Elements of Maps and ‘horror vacui’

As my artwork nears completion I am considering whether or not it needs any other elements added to it. Old maps drawn up by specialist cartographers had very little empty space. My Map of Mindfulness has a couple of areas at the top where I am wondering if they need some detail adding. (Sometimes it’s best to stop rather than ruin a piece of artwork by adding unnecessary details!) I researched elements of maps in Google and found a really informative article from the New York Public Library https://www.nypl.org/blog/2011/01/06/elements-cartography. This explains all about legends, cartouches (I thought those only appeared on ancient Egyptian tombs), shields usually that of the patron, compass roses and whimsy. My map is mainly based on “whimsy” so it doesn’t need any more of that, I also considered a cartouche for the top right corner, replacing a sun. A compass rose is not really needed either as my map multi directional and spiritual, within the mind there is no “north”. A legend is not needed either as there is no distance in the mind, it’s infinite.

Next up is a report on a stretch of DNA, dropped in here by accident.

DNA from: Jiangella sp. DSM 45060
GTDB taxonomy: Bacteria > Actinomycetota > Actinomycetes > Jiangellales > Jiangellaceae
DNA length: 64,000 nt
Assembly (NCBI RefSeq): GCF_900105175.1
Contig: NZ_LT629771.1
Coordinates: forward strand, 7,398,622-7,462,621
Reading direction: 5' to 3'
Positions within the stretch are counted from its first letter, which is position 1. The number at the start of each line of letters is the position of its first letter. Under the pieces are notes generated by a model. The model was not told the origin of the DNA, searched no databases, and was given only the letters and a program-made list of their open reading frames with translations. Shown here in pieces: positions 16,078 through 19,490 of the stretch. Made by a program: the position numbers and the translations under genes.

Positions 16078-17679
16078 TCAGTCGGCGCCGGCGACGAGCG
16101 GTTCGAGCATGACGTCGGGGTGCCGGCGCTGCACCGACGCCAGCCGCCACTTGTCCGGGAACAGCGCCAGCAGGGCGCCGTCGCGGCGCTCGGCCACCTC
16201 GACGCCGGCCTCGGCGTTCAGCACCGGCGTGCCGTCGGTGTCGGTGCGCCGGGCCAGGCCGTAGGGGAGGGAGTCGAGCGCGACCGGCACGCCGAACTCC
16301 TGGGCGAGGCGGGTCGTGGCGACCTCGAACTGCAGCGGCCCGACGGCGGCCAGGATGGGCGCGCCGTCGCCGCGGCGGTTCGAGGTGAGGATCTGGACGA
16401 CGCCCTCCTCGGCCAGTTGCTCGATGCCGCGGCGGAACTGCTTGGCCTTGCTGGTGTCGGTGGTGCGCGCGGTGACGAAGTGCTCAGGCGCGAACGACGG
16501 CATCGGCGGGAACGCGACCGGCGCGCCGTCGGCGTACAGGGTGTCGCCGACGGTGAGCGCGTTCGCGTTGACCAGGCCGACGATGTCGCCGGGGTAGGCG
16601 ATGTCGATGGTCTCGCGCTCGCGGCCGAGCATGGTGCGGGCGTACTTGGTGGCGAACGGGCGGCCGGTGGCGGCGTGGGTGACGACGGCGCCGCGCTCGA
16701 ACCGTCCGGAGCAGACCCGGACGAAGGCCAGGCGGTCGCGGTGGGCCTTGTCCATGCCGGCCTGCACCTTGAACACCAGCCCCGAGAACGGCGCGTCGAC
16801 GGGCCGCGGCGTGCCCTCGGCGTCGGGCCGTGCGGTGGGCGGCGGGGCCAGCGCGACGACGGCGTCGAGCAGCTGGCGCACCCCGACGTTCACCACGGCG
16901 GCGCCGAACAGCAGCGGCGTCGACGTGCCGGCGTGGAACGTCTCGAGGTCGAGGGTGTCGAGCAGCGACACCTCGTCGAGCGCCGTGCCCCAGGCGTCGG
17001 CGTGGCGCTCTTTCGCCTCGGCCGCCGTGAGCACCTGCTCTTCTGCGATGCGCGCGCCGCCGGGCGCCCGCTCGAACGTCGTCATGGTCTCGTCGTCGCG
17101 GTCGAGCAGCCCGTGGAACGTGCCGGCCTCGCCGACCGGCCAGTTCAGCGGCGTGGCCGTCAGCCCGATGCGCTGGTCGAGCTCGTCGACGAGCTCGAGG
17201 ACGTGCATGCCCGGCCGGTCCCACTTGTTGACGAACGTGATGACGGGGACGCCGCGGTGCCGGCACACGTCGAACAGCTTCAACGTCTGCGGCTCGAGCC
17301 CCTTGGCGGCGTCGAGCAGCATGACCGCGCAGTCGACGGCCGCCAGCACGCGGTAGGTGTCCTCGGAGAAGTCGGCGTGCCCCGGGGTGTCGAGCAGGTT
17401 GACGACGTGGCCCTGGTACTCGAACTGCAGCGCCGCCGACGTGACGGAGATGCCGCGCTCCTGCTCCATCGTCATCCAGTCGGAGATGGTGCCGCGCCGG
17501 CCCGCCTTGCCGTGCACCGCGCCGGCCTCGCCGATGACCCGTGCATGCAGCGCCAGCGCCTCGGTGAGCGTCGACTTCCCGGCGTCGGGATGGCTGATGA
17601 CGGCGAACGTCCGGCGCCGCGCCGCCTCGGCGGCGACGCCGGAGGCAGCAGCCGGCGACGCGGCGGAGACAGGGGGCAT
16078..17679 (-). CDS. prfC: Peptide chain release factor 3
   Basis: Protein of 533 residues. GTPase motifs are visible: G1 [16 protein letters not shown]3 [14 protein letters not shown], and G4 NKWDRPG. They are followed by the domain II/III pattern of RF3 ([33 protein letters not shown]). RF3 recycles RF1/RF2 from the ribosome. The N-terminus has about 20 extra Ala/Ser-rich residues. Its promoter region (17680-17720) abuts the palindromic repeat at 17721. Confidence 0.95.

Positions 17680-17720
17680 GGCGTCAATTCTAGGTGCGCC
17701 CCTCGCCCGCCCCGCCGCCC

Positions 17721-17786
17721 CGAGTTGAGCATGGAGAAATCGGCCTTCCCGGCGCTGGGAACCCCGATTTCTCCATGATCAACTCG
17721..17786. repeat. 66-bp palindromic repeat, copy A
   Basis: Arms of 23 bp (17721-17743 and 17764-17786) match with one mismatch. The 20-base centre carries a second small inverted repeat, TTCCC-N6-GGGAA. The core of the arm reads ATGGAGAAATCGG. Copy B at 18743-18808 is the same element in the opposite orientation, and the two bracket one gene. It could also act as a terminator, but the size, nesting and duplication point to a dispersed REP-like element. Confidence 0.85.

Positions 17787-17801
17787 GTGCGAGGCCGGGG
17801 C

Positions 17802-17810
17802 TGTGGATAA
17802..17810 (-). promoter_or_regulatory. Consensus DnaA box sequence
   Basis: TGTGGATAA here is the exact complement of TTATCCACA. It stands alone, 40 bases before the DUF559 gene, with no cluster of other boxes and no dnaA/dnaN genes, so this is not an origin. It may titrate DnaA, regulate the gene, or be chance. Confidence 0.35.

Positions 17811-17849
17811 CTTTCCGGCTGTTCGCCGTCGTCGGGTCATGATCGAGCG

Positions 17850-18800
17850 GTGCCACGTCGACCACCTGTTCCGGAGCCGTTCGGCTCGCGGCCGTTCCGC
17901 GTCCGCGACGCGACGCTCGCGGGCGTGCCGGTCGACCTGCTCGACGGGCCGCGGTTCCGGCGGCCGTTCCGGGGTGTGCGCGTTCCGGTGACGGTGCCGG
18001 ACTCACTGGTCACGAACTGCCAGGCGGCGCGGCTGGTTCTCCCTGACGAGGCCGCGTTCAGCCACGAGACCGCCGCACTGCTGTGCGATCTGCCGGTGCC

I watched a You Tube video posted by the New York Map Society of Chet Van Duzer (Cartography Historian, UC Berkeley ) presenting a talk on “Cartographers’ Fear of Blank Spaces: with savage pictures fill their gaps“. He discusses “horror vacui” (Latin – pronounced ‘horror vakwee’) of historical cartographers : “how empty spaces on maps were¬†consumed by text, ships, sea monsters and other embellishments that were designed for that very purpose.” (Van Duzer, 2020). https://www.youtube.com/watch?v=Dg5UUGzossI

I sent images of my artwork to several friends, peers and asked family for their opinions “better with or without”? It was a 50/50 split and the words of an artish friend echoed in my head “The times I’ve ruined my artwork by adding that bit extra that didn’t need it”. My self doubt has been solved. I have no fear of empty spaces in my work, and drawing on the theories of Composition and negative space studied in a spring workshop, I am satisfied with this.